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Rafizi pressed further on 'broken promises' over Invoke shares

Bersatu man Dr Abdul Latiff Ahmad also questions why a tycoon and a party colleague were made shareholders despite a pledge in 2017.

Staff Writers
2 minute read
PKR deputy president Rafizi Ramli on the campaign trail in Pandan ahead of the general election.
PKR deputy president Rafizi Ramli on the campaign trail in Pandan ahead of the general election.

PKR's Rafizi Ramli has been further drawn into a public spat involving Invoke Solutions after acknowledging that the staff of the party-linked data firm had not been allocated shares despite a promise made five years ago to reward them for their hard work and contributions.

Yesterday, Rafizi, in response to questions on his inclusion of some RM17 million in Invoke shares as his personal wealth, said the staff would be rewarded "in the future", adding that this could happen once the company is listed on the stock exchange.

"When Invoke is listed, they all will have shares, and they all can live comfortably in their youth. But on condition that they must be intelligent, creative, work hard, brave and honest," the Pandan candidate said.

Bersatu leader Dr Abdul Latiff Ahmad said Rafizi had broken his promise on sharing Invoke wealth with employees, brushing off his latest pledge on the matter.

"Since he did not keep to his promise made five years ago, why should anyone believe his new promise?" he said today.

In 2017, Rafizi said he had not made a single sen from his investments in Invoke, adding that whatever capital he put in would be converted into shares to be distributed among "Invoke staff who have sacrificed all this while".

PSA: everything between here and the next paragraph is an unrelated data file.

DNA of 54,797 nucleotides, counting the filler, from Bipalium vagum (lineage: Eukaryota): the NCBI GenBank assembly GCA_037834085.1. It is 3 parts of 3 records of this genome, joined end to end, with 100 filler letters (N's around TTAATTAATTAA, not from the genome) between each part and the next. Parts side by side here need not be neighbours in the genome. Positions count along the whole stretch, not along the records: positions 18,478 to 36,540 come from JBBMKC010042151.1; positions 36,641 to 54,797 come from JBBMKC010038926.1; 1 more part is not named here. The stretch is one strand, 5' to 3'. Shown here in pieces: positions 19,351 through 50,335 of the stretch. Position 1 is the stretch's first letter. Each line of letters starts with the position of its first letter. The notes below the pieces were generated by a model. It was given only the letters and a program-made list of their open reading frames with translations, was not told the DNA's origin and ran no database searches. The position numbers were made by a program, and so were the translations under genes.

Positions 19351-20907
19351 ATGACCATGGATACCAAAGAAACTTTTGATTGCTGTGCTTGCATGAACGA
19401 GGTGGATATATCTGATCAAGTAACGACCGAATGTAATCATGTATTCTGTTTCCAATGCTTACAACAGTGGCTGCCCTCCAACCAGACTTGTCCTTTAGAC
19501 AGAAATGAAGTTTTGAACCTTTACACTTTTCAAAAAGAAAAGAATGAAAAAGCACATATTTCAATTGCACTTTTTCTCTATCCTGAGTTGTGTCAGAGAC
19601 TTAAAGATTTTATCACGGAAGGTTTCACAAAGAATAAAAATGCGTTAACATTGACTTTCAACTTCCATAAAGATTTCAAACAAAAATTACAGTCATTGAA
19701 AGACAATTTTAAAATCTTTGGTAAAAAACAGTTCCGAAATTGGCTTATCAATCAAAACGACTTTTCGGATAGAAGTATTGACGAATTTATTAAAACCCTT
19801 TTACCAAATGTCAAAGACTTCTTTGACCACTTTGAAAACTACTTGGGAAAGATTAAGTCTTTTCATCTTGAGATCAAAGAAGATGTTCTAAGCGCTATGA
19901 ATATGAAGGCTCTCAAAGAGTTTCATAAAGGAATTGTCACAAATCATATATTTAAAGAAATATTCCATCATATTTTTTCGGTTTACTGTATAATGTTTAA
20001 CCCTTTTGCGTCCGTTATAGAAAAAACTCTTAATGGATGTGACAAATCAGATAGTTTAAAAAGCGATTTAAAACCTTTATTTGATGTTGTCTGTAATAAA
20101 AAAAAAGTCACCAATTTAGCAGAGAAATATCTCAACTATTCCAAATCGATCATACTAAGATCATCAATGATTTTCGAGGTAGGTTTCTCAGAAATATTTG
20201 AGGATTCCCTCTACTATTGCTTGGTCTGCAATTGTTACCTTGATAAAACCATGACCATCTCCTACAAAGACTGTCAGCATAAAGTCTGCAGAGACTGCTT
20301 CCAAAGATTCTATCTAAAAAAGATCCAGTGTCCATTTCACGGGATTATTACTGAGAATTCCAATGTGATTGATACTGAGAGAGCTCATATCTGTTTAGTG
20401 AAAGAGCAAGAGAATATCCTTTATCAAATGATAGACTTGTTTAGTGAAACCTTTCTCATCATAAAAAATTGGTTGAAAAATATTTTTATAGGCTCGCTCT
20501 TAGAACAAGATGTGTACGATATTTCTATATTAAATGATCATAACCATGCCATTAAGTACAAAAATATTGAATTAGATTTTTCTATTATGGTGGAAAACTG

"I want them to know that Invoke is partly theirs because they are the ones who built it – so they should have a stake in Invoke," he had said.

But Latiff in his statement today again pressed Rafizi to explain why business tycoon Lee Choo Boo was the second biggest shareholder, followed by Rafizi's party colleague, Wong Chen. 

He also said Rafizi's conduct was "an eye-opener for the people".

"If this is the way a top leader of Pakatan Harapan (PH) treats his employees, what will be the fate of ordinary Malaysian workers under PH rule?

"Will the interests of ordinary hard-working Malaysians be taken care of by PH or the interests of big business tycoons? Who will get the lion’s share of the country’s wealth under Harapan, the ordinary people or business tycoons?"

Rafizi came under scrutiny following his declaration of assets in which he listed RM16.7 million in shares from Invoke as part of a total of RM19.67 million in assets owned.

Besides the RM16.7 million declared as "investments", Rafizi listed RM1.1 million in his Employees Provident Fund account as of Oct 31, as well as RM1.6 million in two properties under his name including a three-storey house in Bukit Antarabangsa, Kuala Lumpur.

Former PKR man Rashid Hasnon had also grilled Rafizi, reminding him that Invoke was set up as a public-interest initiative.

"He has profited, and the profit is massive," said Rashid, who is an exco member of Johor Perikatan Nasional.

"He also said that even if there is profit, Invoke cannot use the profit for personal gain, including for shareholders like himself. These statements can also be found in his own website."